Dave Hill: Dramatising estate regenerations requires more than attacking ‘luxury’ Towers

Dave Hill: Dramatising estate regenerations requires more than attacking ‘luxury’ Towers

A proper goal for housing policy in London is not too hard to define. Ensuring that as many people as possible in the city are housed as well, as securely and as affordably as possible might serve as a foundation principle. A focus on maintaining an income and social mix within neighbourhoods that is both economically and culturally desirable would build on it usefully. The hard part is pursuing those goals effectively. Doing so has not got any easier in recent years by the embedding in mainstream discourse of certain “housing crisis” narratives that hide more than they explain and drown out productive debate.

The extent of this penetration into, in particular, the London liberal mindset was confirmed to me last week by a play called Towers, presented by the Guildhall School of Music and Drama. Though performed with great energy and containing some nice lines of satire, it mostly reproduced the now standard monochrome clichés. On the one hand, greedy property developers and callous or ineffectual politicians and, on the other, defiant residents of a housing estate facing demolition to make way for an oppressive, high-end tower block. The demarcation of characters into heroes and villains was close to absolute. The routinely untold parts of these regeneration stories, which are often the ones that matter most, were kept that way.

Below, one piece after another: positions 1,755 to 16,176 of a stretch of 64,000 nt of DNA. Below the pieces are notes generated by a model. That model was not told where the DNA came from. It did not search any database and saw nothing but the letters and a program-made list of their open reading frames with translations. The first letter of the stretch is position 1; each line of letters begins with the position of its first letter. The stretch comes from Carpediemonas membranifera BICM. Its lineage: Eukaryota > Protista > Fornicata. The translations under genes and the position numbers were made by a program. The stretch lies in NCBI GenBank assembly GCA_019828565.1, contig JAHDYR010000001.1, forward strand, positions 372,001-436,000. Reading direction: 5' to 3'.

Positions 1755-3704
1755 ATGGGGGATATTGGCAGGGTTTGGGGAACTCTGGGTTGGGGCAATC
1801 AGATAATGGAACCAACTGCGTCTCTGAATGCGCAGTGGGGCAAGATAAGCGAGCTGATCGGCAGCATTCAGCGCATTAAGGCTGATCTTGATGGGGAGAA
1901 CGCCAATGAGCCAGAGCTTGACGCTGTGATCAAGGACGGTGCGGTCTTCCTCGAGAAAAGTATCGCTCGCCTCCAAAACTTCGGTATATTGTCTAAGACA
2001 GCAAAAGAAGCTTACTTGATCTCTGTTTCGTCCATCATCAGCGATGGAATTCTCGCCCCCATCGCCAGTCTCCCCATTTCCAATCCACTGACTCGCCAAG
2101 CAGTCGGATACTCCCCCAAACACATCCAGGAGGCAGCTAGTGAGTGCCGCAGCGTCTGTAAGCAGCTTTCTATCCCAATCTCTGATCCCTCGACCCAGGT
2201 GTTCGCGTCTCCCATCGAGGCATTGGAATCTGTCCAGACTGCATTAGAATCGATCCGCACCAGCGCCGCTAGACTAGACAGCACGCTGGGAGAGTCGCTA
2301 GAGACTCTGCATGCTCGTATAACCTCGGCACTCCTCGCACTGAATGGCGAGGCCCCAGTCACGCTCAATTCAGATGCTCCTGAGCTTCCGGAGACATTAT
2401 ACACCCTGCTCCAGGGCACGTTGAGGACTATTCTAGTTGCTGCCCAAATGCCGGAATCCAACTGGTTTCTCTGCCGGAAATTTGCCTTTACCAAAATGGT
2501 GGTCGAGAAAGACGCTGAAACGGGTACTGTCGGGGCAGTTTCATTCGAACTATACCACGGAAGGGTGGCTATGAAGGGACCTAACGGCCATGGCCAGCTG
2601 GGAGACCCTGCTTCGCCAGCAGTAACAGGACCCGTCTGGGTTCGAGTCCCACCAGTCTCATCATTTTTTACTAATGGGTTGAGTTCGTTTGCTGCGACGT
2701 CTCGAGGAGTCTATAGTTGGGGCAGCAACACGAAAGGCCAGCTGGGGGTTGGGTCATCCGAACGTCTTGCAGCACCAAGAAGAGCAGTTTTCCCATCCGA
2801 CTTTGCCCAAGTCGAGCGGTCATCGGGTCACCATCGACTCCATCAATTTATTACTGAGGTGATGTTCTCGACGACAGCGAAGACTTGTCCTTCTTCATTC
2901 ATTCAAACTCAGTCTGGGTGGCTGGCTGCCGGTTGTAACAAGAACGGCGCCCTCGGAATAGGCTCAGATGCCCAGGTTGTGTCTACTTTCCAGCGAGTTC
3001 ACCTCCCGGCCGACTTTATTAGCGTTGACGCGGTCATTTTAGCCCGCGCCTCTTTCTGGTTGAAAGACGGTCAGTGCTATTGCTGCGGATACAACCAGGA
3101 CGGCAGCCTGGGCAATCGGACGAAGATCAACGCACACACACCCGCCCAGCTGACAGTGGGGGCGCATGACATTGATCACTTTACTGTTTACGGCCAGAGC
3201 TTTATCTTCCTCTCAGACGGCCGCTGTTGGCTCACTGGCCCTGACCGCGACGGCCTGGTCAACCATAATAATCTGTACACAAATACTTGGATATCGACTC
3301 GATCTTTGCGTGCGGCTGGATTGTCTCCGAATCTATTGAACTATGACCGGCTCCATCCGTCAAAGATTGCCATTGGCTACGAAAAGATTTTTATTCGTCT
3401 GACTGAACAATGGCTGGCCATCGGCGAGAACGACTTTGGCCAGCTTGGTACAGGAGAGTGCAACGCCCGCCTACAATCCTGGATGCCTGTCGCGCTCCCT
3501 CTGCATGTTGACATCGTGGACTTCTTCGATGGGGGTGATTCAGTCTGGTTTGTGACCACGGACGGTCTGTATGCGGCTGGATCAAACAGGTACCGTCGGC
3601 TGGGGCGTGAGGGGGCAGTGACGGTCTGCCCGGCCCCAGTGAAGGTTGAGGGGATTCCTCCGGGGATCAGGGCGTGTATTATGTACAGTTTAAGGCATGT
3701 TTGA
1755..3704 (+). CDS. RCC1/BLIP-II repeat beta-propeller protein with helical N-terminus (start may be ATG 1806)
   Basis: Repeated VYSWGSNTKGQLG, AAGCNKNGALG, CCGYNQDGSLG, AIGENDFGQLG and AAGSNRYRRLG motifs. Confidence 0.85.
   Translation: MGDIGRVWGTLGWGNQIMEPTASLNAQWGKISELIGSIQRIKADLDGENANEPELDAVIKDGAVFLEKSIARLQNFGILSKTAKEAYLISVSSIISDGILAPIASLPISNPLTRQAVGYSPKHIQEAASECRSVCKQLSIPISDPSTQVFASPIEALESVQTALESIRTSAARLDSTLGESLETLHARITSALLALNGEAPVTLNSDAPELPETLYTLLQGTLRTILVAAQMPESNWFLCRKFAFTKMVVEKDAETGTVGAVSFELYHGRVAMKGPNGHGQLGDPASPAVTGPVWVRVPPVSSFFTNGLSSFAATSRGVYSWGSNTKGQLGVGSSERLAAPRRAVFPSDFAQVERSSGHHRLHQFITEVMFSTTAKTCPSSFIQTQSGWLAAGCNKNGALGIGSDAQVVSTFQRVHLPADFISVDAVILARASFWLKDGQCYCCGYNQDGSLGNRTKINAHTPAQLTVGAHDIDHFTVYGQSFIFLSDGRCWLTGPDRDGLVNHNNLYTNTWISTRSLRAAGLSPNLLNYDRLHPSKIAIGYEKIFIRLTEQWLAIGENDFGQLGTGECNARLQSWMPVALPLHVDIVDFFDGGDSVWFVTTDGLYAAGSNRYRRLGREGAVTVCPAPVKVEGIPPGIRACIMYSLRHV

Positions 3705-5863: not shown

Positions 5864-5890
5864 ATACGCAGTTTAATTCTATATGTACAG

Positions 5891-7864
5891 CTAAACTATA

It has become an almost unchallenged Protest Left habit to screen out the dilemmas, complexities and inconvenient realities of getting more and better homes built in a city whose population continues to grow at the same time as land to build them on is in short supply and public money scarce. The year-in, year-out drain on shrinking council budgets of patching up blocks of flats built on the cheap 50 years ago, soaking up money that could be spent more productively on something else, does not interest them. The uncomfortable fact that what have come to be called “poor doors” – different entrances within mixed tenure housing developments for social housing and other “affordable” housing tenants – result from pragmatic trade-offs designed to maximise the amount of affordability within a project rather than gratuitous upper-class sadism, continues to evade them. The unsatisfactory reality that the bigger, flashier and more expensive the private housing consented to, the larger the amount of “affordable” housing likely to be derived as a by-product is one they continue to ignore.

Most damning of all is the absolute refusal to acknowledge even the existence of council estate residents for whom being rehoused in a new home could be the solution to the biggest problems in their lives – problems like thin walls, condensation, erratic heating, vermin infestations, adult children sleeping on sofas and crack addicts camped in tents on stairwells. There are residents of the Northumberland Park estate in Tottenham, which would have been demolished and rebuilt had the financial mechanism for doing so not been gloatingly stopped by a self-righteous alliance of middle-class Corbynites and Guardian journalists, who would pack their bags tomorrow given the chance.